summon[DeSerializableExpr[T]].unapply(x)

  given serializableExpr[T <: Serializable : Type]: SerializableExpr[T] with {
    def apply(x: T)(using Quotes): Expr[T] =
      val stringsExpr = Varargs(serialize(x).map(Expr(_)))
      '{ deserialize[T]($stringsExpr*) }
  }

  given deSerializableExpr[T <: Serializable : Type]: DeSerializableExpr[T] with {
    def unapply(x: Expr[T])(using Quotes): Option[T] =
      x match
        case '{ deserialize[T](${Varargs(stringExprs)}*) } =>
          Exprs.unapply(stringExprs).map(strings => deserialize(strings*))
        case _ => None
  }

  private def serialize(x: Serializable): Seq[String] = {
    val bOStream = new ByteArrayOutputStream()
    val oOStream = new ObjectOutputStream(bOStream)
    oOStream.writeObject(x)
    val serialized = encoder.encodeToString(bOStream.toByteArray)
    serialized.sliding(MAX_LITERAL_LENGTH, MAX_LITERAL_LENGTH).toSeq
  }

  private def deserialize[T <: Serializable](strings: String*) = {
    val bytes = strings.map(decoder.decode).reduce(_ ++ _)
    val bIStream = new ByteArrayInputStream(bytes)
    val oIStream = new ObjectInputStream(bIStream)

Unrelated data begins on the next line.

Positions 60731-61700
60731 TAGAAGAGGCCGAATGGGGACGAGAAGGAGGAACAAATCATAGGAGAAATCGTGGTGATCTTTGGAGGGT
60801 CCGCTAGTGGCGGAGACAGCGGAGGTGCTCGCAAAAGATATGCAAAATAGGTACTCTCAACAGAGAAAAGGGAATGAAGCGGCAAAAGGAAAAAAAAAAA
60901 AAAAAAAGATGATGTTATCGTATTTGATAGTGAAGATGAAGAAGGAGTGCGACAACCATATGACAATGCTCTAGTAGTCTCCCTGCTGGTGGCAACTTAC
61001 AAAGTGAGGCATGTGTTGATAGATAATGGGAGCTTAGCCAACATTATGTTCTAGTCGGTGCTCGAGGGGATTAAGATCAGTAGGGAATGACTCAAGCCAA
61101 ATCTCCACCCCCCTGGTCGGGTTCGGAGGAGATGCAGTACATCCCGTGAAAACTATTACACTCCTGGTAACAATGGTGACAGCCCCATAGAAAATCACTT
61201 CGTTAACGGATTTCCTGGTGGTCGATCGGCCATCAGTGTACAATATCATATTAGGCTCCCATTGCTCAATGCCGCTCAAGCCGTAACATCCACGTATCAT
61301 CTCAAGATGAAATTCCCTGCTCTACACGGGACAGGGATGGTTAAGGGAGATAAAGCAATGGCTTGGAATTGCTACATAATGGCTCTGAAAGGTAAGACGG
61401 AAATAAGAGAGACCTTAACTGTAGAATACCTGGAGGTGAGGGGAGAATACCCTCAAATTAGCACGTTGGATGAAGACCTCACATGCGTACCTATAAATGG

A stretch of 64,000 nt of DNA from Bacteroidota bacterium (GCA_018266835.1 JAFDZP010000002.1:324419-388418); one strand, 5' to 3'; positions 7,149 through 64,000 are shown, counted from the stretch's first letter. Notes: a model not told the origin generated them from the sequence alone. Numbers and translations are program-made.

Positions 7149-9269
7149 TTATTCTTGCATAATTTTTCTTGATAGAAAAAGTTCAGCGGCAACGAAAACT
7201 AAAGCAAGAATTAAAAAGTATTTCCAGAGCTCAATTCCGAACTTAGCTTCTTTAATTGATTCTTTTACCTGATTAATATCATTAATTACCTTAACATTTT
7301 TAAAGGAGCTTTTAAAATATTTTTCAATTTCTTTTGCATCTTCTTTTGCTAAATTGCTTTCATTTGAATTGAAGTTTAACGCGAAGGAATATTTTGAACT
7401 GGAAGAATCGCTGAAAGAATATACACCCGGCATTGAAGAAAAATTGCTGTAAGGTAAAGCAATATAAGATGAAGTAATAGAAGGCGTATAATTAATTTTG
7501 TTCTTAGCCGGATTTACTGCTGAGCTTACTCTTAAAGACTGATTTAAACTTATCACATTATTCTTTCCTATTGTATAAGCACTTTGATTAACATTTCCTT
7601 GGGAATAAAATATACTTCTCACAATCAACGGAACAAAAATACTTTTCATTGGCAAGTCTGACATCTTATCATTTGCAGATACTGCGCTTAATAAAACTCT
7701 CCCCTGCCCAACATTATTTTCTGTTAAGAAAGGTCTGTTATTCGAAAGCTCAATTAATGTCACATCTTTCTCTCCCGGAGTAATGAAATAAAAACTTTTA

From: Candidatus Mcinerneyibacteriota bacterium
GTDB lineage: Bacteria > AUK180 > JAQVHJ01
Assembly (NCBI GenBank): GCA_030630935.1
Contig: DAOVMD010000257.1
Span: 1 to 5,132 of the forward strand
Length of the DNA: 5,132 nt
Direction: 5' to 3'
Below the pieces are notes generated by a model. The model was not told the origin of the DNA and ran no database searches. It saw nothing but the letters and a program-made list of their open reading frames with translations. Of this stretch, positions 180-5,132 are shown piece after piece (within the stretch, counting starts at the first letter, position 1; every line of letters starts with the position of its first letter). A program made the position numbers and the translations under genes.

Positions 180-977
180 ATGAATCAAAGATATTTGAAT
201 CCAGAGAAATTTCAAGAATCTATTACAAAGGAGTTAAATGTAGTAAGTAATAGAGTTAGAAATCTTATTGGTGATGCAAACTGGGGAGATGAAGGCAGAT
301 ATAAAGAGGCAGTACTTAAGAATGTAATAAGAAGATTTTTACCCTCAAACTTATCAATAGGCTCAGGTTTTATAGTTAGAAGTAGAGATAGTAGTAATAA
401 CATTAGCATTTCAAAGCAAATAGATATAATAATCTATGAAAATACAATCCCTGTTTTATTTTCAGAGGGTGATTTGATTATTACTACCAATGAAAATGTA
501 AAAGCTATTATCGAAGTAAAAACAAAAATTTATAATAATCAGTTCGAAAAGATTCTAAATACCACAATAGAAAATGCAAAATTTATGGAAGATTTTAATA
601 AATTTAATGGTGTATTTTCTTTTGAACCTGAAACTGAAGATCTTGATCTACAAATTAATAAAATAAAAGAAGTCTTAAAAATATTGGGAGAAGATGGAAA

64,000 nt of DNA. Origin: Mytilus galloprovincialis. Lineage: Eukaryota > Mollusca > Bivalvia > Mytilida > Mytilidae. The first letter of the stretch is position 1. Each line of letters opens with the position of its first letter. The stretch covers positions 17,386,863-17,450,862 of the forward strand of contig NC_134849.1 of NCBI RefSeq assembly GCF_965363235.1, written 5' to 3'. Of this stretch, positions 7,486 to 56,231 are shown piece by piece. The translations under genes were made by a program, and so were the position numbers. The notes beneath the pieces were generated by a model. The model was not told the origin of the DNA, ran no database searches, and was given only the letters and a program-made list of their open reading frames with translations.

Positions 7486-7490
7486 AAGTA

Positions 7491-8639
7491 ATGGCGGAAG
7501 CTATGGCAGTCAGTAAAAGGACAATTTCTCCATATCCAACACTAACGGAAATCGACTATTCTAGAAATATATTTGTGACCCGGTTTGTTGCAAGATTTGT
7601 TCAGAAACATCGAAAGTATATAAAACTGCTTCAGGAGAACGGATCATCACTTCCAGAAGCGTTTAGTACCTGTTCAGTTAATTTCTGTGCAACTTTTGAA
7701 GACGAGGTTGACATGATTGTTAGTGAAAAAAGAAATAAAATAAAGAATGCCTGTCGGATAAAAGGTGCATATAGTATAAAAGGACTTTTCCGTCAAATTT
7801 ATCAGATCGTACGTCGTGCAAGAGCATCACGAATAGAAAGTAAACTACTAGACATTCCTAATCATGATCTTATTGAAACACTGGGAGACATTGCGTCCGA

val v = oIStream.readObject()
    v.asInstanceOf[T]
  }
}

object App {
  import SerializableExpr.given

  def example(using Quotes) = {
    val serializedExpr = SerializableExpr("abc")
    serializedExpr match
      case SerializableExpr(value) => println(value)
      case _ =>
  }
}
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Actually, I did not need the DeSerializableExpr to port AutoLift.

Here is a shorter version that used ToExpr. But, it creates an expression that is harder to extract using FromExpr.

import java.io.{ByteArrayInputStream, ByteArrayOutputStream, ObjectInputStream, ObjectOutputStream}
import java.util.Base64
import scala.quoted.*

object SerializableExpr {

  private inline val MAX_LITERAL_LENGTH = 32768

  lazy val encoder: Base64.Encoder = Base64.getEncoder
  lazy val decoder: Base64.Decoder = Base64.getDecoder

  given serializableExpr[T <: Serializable : Type]: ToExpr[T] with {
    def apply(x: T)(using Quotes): Expr[T] =
      val stringsExpr = Varargs(serialize(x).map(Expr(_)))
      '{ deserialize[T]($stringsExpr*) }
  }

  private def serialize(x: Serializable): Seq[String] = {
    val bOStream = new ByteArrayOutputStream()
    val oOStream = new ObjectOutputStream(bOStream)
    oOStream.writeObject(x)
    val serialized = encoder.encodeToString(bOStream.toByteArray)
    serialized.sliding(MAX_LITERAL_LENGTH, MAX_LITERAL_LENGTH).toSeq
  }

  private def deserialize[T <: Serializable](strings: String*) = {